In the wake of Amazon Retail’s pause on purchase orders to vendors, many business owners are comparing the economics of Amazon’s two selling platforms, Vendor Central and Seller Central.
In this post, we compare their fee structures, detailing the factors brand owners should consider when determining which Amazon sales model to use moving forward. For more information on the operational differences between Vendor Central and Seller Central, read our previous post, Amazon One Vendor: Where to Go from Here.
Payment. Brands who sell wholesale to Amazon Retail (1P) operate through Vendor Central. Amazon offers standard payment terms in Net-30, Net-60, and Net-90, but there are horror stories of vendors having to chase down Amazon Retail to collect their payments.
Pricing. Amazon Retail’s commitment to offering the lowest price means they don’t abide by manufacturer’s Minimum Advertising Price (MAP) policies. If your product is offered for a below-MAP price anywhere else, Amazon Retail will slash prices to ensure that it always offers shoppers the best deal. Amazon’s commitment to price-matching can result in low or even negative margins for both Amazon and your brand.
Fees. While vendors avoid marketplace fees, they are subjected to a slew of other percentage-based Amazon fees, including marketing co-op, damage allowance, early payment, chargebacks, and shipping to Amazon.
Payment. Brands who sell through third-party retailers like Kaspien or from their own accounts will operate through Seller Central. In our retail partnerships, we offer flexible payment terms, creating a payment plan that works for our partners and Kaspien. When brand owners sell themselves, their income comes directly from sales revenue.
Pricing. If you sell from your own account (including through an agency), you maintain absolute pricing control. If you sell through one or multiple third-party sellers, you can tell them of your pricing policy, but unscrupulous retailers may ignore your MAP to try to capture more sales, creating a pricing race to zero.
Fees. Some third-party sellers like Kaspien are able to provide greater transparency into their partnership terms. We don’t charge hidden percentage-based fees for marketing co-op, damage allowance, early payment, or chargebacks. Instead, most third-party retailers charge a flat marketplace and shipping fee based on the product.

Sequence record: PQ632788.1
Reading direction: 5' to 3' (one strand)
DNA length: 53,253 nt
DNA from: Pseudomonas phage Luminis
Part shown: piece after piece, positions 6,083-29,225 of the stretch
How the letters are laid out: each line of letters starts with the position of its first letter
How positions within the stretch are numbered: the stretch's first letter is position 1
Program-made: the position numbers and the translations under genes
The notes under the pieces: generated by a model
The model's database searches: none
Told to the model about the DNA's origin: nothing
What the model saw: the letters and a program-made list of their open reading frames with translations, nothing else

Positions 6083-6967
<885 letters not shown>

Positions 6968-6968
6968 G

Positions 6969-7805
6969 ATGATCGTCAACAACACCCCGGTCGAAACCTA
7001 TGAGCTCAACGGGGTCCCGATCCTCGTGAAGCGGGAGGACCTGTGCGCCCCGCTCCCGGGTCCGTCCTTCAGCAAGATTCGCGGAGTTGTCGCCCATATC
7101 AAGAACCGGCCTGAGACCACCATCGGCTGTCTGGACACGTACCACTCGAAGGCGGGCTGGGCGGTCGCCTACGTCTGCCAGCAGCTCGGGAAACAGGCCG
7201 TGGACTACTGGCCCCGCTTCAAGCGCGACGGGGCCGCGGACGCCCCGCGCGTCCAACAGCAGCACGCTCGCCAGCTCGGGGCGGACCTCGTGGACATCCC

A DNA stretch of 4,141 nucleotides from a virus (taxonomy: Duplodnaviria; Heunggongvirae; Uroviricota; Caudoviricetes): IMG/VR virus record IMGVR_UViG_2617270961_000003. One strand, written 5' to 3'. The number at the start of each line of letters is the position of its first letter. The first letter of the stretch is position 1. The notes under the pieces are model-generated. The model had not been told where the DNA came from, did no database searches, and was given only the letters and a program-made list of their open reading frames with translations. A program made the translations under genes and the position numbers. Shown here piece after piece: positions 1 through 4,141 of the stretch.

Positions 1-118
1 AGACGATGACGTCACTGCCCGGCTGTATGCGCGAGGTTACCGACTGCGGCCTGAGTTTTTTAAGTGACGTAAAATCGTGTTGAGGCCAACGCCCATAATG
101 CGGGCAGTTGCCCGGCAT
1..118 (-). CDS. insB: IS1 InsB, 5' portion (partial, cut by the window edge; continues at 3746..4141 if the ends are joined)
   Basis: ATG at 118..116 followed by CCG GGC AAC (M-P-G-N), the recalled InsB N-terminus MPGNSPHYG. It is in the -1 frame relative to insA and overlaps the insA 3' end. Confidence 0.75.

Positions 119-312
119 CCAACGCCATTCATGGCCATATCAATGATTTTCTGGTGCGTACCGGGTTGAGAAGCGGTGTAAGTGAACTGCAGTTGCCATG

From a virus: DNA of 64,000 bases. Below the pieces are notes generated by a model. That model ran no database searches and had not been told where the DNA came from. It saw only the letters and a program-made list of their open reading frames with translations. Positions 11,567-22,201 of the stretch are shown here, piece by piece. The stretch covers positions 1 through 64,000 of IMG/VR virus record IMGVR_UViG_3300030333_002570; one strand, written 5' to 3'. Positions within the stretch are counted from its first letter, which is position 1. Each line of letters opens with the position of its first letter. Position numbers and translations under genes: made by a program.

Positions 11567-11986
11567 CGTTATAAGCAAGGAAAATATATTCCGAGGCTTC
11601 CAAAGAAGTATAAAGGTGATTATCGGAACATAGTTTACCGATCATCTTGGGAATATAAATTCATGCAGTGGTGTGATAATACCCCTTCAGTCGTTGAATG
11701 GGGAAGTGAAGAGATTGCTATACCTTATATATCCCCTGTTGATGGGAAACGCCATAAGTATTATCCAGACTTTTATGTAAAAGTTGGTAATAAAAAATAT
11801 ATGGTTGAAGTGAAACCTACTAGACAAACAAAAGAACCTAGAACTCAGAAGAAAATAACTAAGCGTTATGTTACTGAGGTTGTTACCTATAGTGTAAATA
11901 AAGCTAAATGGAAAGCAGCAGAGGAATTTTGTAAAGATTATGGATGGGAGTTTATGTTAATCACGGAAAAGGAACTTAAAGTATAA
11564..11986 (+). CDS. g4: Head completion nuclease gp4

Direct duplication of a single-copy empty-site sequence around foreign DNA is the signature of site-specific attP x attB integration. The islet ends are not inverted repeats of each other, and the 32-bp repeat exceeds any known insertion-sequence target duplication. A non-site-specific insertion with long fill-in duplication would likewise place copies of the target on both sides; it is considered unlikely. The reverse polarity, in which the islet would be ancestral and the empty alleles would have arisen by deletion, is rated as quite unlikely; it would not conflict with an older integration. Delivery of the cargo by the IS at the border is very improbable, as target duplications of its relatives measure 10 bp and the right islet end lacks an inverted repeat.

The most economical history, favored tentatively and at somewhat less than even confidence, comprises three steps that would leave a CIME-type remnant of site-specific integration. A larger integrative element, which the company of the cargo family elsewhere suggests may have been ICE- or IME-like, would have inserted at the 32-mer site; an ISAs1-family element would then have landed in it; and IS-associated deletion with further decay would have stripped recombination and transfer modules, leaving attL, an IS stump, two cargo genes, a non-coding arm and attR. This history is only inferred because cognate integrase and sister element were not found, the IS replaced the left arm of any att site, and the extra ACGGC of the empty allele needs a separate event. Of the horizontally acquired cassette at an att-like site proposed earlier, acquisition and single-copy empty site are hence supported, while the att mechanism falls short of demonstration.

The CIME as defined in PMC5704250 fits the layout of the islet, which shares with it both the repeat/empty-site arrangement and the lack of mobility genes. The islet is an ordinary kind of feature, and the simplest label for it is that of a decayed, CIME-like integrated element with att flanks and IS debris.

Example of Amazon Retail vs Kaspien Pricing & Profits
|PRODUCT EXAMPLE||PRODUCT A||PRODUCT B|
|Total Marketplace Fees||$0.00||$6.49||$0.00||$20.94|
|Shipping to Amazon||$0.00||$0.94||$0.00||$2.35|
|Standard Payment Terms||Net-90||Net-30||Net-90||Net-30|
|Shipping to Amazon||1.75%||0%||8%||0%|
|Average off invoice charges||15.25%||0%||22%||0%|
|> Paid to Manufacturer||$9.86||$11.63||$17.55||$25.50|
Since Amazon has backtracked, you now have the benefit of preemptive action. Rather than wait to react to Amazon’s next major move towards the fabled One Vendor system, you can be proactive and begin building the infrastructure now. Check out our previous post on the three business models for selling on Amazon to learn the key differences.
For assistance in transferring to or adding a Seller account, contact your Kaspien account manager or reach out through our contact form.
Want more options? Kaspien can help.
If you want to create a Seller Central account to replace or supplement your Vendor Central account, Kaspien has the tools and expertise to help. We support two sales models: traditional retailer and channel management agency.
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